Stack Overflow is a community of 4.7 million programmers, just like you, helping each other.

Join them; it only takes a minute:

Sign up
Join the Stack Overflow community to:
  1. Ask programming questions
  2. Answer and help your peers
  3. Get recognized for your expertise

I want to know what is the meaning of a fragment in Marklogic Server. Please explain in detail what is a fragmentation process in Marklogic and why we should avoid fragmentation.

share|improve this question
this question shows little effort in research before asking – Eric Bloch Sep 19 '12 at 16:01
up vote 3 down vote accepted

Did you read the documentation?

In a nutshell:

Marklogic indexes are fragment based, which means they have a granularity that ends at fragment level. Normally a document is stored as a single fragment (with optionally a separate one for its properties), but you can define fragment roots and fragment parents. They cause documents to be cut into pieces at storage, but in such a way that if you serialize the root of the document to the output, all sub-part are retrieved, and joined together as if the document was never cut into pieces.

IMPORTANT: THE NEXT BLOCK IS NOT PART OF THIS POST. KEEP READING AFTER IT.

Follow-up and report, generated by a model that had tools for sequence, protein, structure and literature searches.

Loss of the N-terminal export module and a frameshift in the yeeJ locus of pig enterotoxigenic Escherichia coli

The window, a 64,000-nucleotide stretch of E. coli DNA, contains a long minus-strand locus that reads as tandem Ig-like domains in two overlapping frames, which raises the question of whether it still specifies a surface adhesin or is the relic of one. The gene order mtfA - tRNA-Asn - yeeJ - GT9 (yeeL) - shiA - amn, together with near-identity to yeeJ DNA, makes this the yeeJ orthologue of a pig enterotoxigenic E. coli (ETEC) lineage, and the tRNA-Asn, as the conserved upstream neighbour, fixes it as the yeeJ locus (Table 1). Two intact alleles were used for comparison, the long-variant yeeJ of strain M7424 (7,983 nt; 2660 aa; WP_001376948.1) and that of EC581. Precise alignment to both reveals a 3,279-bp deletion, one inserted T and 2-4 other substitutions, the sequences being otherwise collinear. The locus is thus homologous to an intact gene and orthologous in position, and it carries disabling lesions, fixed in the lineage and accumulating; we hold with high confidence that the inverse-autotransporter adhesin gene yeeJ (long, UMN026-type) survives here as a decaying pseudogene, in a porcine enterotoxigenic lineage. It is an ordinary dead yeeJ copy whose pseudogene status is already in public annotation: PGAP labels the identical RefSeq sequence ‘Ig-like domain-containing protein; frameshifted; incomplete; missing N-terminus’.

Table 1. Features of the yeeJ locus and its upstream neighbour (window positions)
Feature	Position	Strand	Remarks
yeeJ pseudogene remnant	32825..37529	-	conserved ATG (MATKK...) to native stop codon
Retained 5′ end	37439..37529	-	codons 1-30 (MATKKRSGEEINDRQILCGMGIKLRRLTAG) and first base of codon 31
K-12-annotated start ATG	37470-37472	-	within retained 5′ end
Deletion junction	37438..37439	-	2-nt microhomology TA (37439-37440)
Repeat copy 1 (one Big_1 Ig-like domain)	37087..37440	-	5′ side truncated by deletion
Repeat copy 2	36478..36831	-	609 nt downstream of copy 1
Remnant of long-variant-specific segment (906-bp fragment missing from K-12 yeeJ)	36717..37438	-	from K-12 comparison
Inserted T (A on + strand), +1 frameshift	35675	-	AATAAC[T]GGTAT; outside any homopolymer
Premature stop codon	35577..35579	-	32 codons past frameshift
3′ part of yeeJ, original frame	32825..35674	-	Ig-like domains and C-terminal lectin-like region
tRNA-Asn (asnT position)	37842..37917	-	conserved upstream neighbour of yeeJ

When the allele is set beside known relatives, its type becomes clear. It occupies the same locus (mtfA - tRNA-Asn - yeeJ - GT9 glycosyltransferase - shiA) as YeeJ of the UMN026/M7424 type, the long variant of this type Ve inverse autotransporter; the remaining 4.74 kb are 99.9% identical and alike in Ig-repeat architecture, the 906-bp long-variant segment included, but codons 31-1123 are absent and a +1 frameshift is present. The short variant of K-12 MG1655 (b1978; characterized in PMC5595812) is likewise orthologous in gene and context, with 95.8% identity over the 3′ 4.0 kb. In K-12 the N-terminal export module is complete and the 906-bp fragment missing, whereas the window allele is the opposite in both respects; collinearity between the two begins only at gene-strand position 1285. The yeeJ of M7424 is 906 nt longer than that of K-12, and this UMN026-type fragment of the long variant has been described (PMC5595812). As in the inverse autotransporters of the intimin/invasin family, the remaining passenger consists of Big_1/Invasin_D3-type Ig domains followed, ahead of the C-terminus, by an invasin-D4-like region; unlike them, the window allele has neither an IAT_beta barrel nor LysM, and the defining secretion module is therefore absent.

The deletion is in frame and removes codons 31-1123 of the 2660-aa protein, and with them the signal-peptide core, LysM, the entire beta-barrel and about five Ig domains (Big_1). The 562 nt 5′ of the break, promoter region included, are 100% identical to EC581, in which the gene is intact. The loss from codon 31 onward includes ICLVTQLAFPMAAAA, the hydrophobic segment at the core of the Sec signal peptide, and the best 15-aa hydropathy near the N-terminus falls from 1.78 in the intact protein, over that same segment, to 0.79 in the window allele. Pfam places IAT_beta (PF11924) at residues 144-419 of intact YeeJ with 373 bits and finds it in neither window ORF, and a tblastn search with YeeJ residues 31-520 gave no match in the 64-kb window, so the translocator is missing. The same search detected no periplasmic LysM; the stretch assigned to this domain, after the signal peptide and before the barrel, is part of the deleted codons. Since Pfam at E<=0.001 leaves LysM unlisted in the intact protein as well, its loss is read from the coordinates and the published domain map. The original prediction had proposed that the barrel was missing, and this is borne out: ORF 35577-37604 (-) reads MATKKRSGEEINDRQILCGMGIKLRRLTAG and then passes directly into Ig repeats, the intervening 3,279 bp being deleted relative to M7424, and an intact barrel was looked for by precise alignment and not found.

Why avoid?

Most importantly because cts queries (which are used by the search library as well), normally don't cross fragment borders. You have to explicitly indicate you want to cross those borders, for instance by using cts:document-fragment-query, of which a good example is given here:

Making the fragmentation explicit by storing the fragments as separate documents makes this explicit. You'd have to do multiple searches to combine results. MarkLogic is very quick, so doing a few searches instead of only one usually works almost as fast.

Some also observed some performance issues with handling large documents consisting of many (tens of thousands of) fragments. Something that won't happen with separate documents.


share|improve this answer

Your Answer


By posting your answer, you agree to the privacy policy and terms of service.

Not the answer you're looking for? Browse other questions tagged or ask your own question.